@moosette that's a good one! (gin and tonics, I think!)
@spanglepants Yes, the cells don't burst or anything like with fruits like strawberries. Once it's defrosted in the drink you can't really tell the difference!
@moosette Ace! Thank-you.
@moosette I keep meaning to do this, and freezing zest (is that crazy?) and lemon & lime juice in cubes, because my need for them is sporadic but intense when the time comes, and I hate buying 3 limes when a bag of them costs the same.
@moosette Adding a slice or three of cucumber (fresh or frozen) to your G&Ts will take them to the next level.
In the summer I make tzatziki all the time, which involves squeezing the juice out of a lot of cucumbers. I freeze it and use the cubes in just about any citrus drink, whether or not they involve vodka or gin. Amazingly refreshing.
@sony_b Cucumber is especially good with Hendrick's gin! But I like the cucumber cube tip. It feels like there could be a good product name in there somewhere - cucubes? cubumbers?
@moosette cucubes works for me. :)
So? This guy is saying I can make a meal of ONE ice cube sized hunk of sauce? Whaaat?
@Curiouser and curiouser I think the idea is that it's faster to defrost and use, say, 5 ice cube sized chunks of sauce than a ziploc baggie o'sauce (especially if you're only cooking for one). Just toss it in the pan and let it melt, I guess?
Flat frozen ziplocs in sandwich or quart size are better than ice cube trays. Saves space and MOAR sauce.
Also, ice cube trays are the worst. It's bad enough when the ice for a cocktail skitters across the counter and/or on to the floor, but something as precious as stock or homemade vodka sauce? Not a chance.
@Party Falcon Exactly, ziplocs!
@Party Falcon I'm just going to have to admit to rinsing off cubes that fall on the floor and using them anyway.
@Ophelia At least you rinse. As long as there's no visible gross, it just goes in the drink. Booze is antiseptic, yes?
(Seriously, get rid of your Party Falcon, she is revolting.)
@Party Falcon No visible gunk = your floors must be cleaner than mine. I'd drink that drink!
@Party Falcon You are correct. If you're making your drinks correctly, they'd better have the strength to kill whatever's on your floor.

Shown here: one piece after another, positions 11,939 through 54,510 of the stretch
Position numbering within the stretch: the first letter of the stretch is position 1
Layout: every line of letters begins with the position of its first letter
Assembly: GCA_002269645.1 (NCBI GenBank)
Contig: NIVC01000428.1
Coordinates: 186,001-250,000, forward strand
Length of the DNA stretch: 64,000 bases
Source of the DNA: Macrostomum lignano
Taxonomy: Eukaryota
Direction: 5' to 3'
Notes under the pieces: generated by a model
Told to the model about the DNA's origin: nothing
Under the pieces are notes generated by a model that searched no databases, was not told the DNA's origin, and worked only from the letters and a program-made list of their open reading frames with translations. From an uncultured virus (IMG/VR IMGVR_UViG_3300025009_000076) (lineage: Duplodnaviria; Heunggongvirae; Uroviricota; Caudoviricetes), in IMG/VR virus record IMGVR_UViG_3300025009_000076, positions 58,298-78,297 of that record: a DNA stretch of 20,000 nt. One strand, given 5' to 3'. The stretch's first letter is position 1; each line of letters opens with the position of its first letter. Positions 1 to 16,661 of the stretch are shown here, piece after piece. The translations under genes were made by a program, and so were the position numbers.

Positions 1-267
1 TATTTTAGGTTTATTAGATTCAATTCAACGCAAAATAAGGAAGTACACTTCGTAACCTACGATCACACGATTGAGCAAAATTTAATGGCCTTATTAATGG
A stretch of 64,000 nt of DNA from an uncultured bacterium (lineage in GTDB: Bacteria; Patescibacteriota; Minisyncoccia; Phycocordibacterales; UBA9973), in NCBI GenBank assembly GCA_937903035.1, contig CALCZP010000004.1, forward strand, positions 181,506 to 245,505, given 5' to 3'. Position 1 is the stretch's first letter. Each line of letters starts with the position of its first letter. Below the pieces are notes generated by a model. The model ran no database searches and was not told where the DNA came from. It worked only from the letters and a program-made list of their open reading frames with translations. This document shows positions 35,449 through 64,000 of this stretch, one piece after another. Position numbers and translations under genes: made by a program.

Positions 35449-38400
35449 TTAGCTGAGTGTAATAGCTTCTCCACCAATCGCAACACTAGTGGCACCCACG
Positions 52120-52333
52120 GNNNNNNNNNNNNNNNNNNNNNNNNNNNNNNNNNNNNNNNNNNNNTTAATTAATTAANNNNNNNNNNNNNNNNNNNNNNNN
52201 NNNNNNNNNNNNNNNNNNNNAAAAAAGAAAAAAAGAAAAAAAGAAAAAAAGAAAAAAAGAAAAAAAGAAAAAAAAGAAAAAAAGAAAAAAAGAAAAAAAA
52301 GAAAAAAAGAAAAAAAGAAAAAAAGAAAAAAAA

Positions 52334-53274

@Party Falcon My dad freezes stock in those pint containers you get from the deli or takeout soup and then pops them into food storage bags. Works brilliantly.
@Party Falcon Yeah freezing things flat in ziplocs pretty much changed my life.
@Party Falcon Ziplocs work well when you're freezing large batches with the knowledge that you'll use it when feeding larger groups of people. When just cooking for one, though, there's almost always too much sauce in a ziploc (quart or larger) or not enough (snack size). I'm curious to try the ice cube thing since it sounds like it supports smaller/more flexible portions. I'd much rather have cube of my Sicilian grandpa's spaghetti sauce skitter across the floor than half a gallon-sized ziploc go bad in my fridge because I just can't get through it fast enough!
@@serenityfound Well the brilliant bit of ziplocs is that you can fill them up with however much you think you'll use in a serving (certainly more than an ice cube) and just squeeze the air our. Sandwich size bags works fine for anything over about half a cup.
And it's not sitting exposed to freezer funk while it solidifies.
That would require a flat surface in my freezer on which to freeze things. The bags of frozen veggies and boxes of veggie corn dogs from Trader Joe's make that tricky business.
@Dancersize Coooookie sheet. On top of the piles! Once everything's all nice and frozen, take it out and stuff the flats in every crack and crevice!
@Dancersize Or just take a box of frozen whatever and lay it flat on top of the bags of stuff. Then lay the ziploc bags of sauce on top of the box and let them freeze flat. Then proceed as Party Falcon suggests and stuff 'em in. It really maximizes your freezer space.